Around the horn: Position flexibility needed for youth athletes

Learning a new position on the baseball diamond produces its own unique set of challenges, even for professional athletes.

When the Detroit Tigers signed first baseman Prince Fielder in the offseason, team management knew that it would need to move perennial All-Star Miguel Cabrera across the infield to third base – a position he had not played in years. Making matters worse is the fact that his weight has increased to 240 pounds, making him less mobile than he once was.

During a spring training game yesterday, Cabrera was struck in the face by a batted ball that took an awkward bounce in front of third base, causing him to bleed profusely from his cheek. He required stitches for the injury, but walked off on his own power.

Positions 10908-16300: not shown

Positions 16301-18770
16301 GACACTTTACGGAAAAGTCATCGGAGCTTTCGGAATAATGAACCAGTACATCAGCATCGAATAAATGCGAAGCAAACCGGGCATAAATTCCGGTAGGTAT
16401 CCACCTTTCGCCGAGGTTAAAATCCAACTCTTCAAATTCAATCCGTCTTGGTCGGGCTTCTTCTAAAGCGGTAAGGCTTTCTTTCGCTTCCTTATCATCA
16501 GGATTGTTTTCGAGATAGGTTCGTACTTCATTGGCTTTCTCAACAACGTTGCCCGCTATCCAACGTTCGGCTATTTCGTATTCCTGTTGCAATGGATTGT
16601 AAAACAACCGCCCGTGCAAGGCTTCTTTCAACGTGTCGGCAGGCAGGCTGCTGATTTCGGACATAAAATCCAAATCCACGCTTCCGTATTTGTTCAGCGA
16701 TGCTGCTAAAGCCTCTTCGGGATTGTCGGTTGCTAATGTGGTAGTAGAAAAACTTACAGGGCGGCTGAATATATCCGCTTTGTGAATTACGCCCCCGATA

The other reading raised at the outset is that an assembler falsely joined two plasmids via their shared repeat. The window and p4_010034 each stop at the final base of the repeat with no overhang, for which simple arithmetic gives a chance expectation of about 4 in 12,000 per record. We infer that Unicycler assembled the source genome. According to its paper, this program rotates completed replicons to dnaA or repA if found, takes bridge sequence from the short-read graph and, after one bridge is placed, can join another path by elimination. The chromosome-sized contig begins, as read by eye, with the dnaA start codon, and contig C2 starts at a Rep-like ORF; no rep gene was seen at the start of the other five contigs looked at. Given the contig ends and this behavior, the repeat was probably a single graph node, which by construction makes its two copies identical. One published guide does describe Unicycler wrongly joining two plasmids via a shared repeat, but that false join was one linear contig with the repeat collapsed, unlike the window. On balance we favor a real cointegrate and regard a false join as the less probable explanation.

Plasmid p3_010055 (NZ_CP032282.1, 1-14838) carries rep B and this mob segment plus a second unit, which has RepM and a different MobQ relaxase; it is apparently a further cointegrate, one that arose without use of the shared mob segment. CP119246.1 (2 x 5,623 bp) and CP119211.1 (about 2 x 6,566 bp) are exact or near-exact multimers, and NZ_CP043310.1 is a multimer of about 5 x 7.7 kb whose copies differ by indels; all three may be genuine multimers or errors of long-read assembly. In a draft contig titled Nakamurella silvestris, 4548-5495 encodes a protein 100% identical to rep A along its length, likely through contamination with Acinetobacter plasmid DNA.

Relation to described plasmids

While even a Gold Glove third baseman may have had difficulty handling that type of in-between bounce, this incident highlights the importance of making sure athletes practice adequately at other positions before playing them during a game.

At the youth level, players are not yet attached to one position, as even pitchers and catchers play in the infield or outfield from time to time. Coaches may need to rotate players through different positions to determine who has the tools needed to succeed at different locations on the diamond.

Parents and coaches need to make sure youth athlets have a variety of baseball gloves available for use at different positions. A first baseman's mitt, generally larger than other gloves, is unlikely to work very well for outfielders, while a youth catchers mitt will never be seen anywhere but behind the plate.

With the right baseball equipment and the skills to match these positions, players should become defensive wizards at multiple positions, giving coaches the flexibility they need to get more youth athletes in a game while still remaining competitive.

Defensive drills that will help players learn to play new positions can be found at